Friday, June 21, 2013

Will the internet kill all large traditional businesses ?

The other day, I dropped by Coffee Day(indian coffee chain - startbucks equivalent). Adjacent to it was the well loved Crossword store and I clearly remember that there was a connecting glass door somewhere which let people who had come for coffee to stroll by and look up books and dvds and vice versa. I could see some books lying about but the place looked empty and the glass door seem to have vanished. So, I casually asked the Coffee day guy and he told me something to the effect that the place was shutting down. It was kind of a gentle shock for me and though I could hardly remember buying a book from Crossword, hanging about in bookshops has been one of the idle pleasures of urban life.Then it struck me, that though I dont read a lot these days, there was a time I spent a couple of thousand rupees on books every month and most of it was at Crosswords. In the last six months, that spend had got diverted to online stores like flipkart and in many cases I could just read for free - flipboard etc. I have no idea whether the store actually closed down due to business reasons or whether it was just a phase of temporary shutdown due to renovation etc but like in the US, book businesses everywhere seem to be facing major challenges and most if not all is due to the internet.

The internet is quite puzzling. Consider this :

1) Email is free - only a decade or so ago, people used to send telegrams and pay per word. Its weird that a service that is many many times faster and reliable is actually cheaper - well not just cheaper, free.

2) There was a time only 15 years ago, when we used to attend book festivals to buy editions of Enclyclopedia for thousands of rupees. Now you just get a million times of that content for free. Also, searching this mammoth knowledge base again is free.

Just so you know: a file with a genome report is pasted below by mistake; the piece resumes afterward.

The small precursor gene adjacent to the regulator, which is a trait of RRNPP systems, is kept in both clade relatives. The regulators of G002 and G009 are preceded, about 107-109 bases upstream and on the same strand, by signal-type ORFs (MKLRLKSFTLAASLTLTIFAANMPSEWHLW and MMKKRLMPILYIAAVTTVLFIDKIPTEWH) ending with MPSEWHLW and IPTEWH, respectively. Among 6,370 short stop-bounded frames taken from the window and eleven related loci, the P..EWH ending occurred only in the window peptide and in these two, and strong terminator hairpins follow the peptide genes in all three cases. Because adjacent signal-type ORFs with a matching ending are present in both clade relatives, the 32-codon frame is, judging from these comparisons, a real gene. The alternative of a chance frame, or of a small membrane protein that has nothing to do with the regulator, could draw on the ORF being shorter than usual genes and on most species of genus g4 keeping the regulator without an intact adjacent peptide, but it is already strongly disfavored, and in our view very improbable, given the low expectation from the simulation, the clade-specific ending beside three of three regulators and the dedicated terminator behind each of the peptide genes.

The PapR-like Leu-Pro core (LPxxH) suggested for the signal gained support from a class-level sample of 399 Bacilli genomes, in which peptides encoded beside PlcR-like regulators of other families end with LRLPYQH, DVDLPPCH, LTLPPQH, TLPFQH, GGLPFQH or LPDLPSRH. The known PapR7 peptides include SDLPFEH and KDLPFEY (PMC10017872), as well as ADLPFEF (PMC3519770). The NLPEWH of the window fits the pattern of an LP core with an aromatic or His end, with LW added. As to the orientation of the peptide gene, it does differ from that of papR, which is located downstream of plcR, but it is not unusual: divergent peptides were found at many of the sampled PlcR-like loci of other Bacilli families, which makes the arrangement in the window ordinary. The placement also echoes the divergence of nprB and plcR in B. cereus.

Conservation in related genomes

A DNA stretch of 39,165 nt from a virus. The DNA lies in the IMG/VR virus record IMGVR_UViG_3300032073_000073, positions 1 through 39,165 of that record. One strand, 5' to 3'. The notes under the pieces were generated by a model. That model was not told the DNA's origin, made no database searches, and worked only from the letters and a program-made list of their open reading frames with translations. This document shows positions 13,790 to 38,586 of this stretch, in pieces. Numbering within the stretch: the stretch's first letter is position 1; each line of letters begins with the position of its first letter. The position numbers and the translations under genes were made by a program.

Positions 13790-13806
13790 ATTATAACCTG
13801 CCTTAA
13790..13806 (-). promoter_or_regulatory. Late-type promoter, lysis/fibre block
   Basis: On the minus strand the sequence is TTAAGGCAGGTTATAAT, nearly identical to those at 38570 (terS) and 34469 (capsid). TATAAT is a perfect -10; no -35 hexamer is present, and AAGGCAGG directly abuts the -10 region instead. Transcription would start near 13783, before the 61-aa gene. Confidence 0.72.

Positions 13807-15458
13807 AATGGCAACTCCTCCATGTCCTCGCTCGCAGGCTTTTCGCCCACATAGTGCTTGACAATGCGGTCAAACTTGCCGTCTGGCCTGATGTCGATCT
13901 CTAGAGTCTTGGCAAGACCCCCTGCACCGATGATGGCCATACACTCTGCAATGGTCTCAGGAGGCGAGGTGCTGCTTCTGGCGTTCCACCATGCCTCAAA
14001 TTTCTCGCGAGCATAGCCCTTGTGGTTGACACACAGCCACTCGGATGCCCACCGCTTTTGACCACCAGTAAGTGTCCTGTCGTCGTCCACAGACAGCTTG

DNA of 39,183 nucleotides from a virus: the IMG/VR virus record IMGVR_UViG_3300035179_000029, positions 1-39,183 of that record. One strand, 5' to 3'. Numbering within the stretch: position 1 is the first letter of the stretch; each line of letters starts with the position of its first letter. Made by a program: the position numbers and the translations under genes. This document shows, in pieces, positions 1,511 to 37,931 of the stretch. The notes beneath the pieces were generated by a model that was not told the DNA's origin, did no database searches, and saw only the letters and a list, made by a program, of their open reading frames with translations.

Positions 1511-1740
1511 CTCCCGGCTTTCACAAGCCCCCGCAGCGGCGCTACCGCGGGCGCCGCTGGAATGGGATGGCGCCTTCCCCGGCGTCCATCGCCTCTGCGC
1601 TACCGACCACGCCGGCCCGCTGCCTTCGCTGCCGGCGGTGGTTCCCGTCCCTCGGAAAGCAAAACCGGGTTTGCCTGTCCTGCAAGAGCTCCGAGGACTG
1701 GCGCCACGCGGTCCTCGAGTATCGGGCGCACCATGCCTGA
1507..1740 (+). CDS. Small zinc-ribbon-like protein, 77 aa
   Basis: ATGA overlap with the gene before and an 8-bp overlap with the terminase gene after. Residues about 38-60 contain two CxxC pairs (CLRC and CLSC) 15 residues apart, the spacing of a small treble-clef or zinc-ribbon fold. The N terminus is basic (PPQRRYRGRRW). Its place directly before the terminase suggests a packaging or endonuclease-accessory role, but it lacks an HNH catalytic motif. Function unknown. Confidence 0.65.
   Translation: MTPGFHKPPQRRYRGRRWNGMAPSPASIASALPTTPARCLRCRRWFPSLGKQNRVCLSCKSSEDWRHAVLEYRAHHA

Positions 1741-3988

3) Music is basically free. If you are a music lover with generic tastes like most of us, gives you almost everything you need - For free.

In short, the internet has turned most industries on its head :

1) Book industry - Why would you buy a book if you can download it ? Traditional booksellers are just looking one way and that is down.

2) Music industry - It was only ten years ago that you could just walk along Planet M at Brigade Road, Bangalore and sample out music before buying. Now, its difficult to imagine people buying CDs

3) Post Office - The Indian Post office just stopped the telegraph service.

Which ones will be next ? The movie industry, the retail industry , enterprise software products.

All this obviously means that if someone is losing out, someone must be winning. So who should be the winners, obviously the internet companies - but if you look a bit closer at the internet companies, if you leave out the leaders, most are struggling to make money...Giving things free actually costs money, giving discounts actually cost money. The internet can be a democratic force giving the small guy a chance to compete but it has probably made the race so competitive that its a race towards the bottom and may kill a lot of industries in its run and maybe hurt itself on its way. The good part is you dont need a license to join the race.

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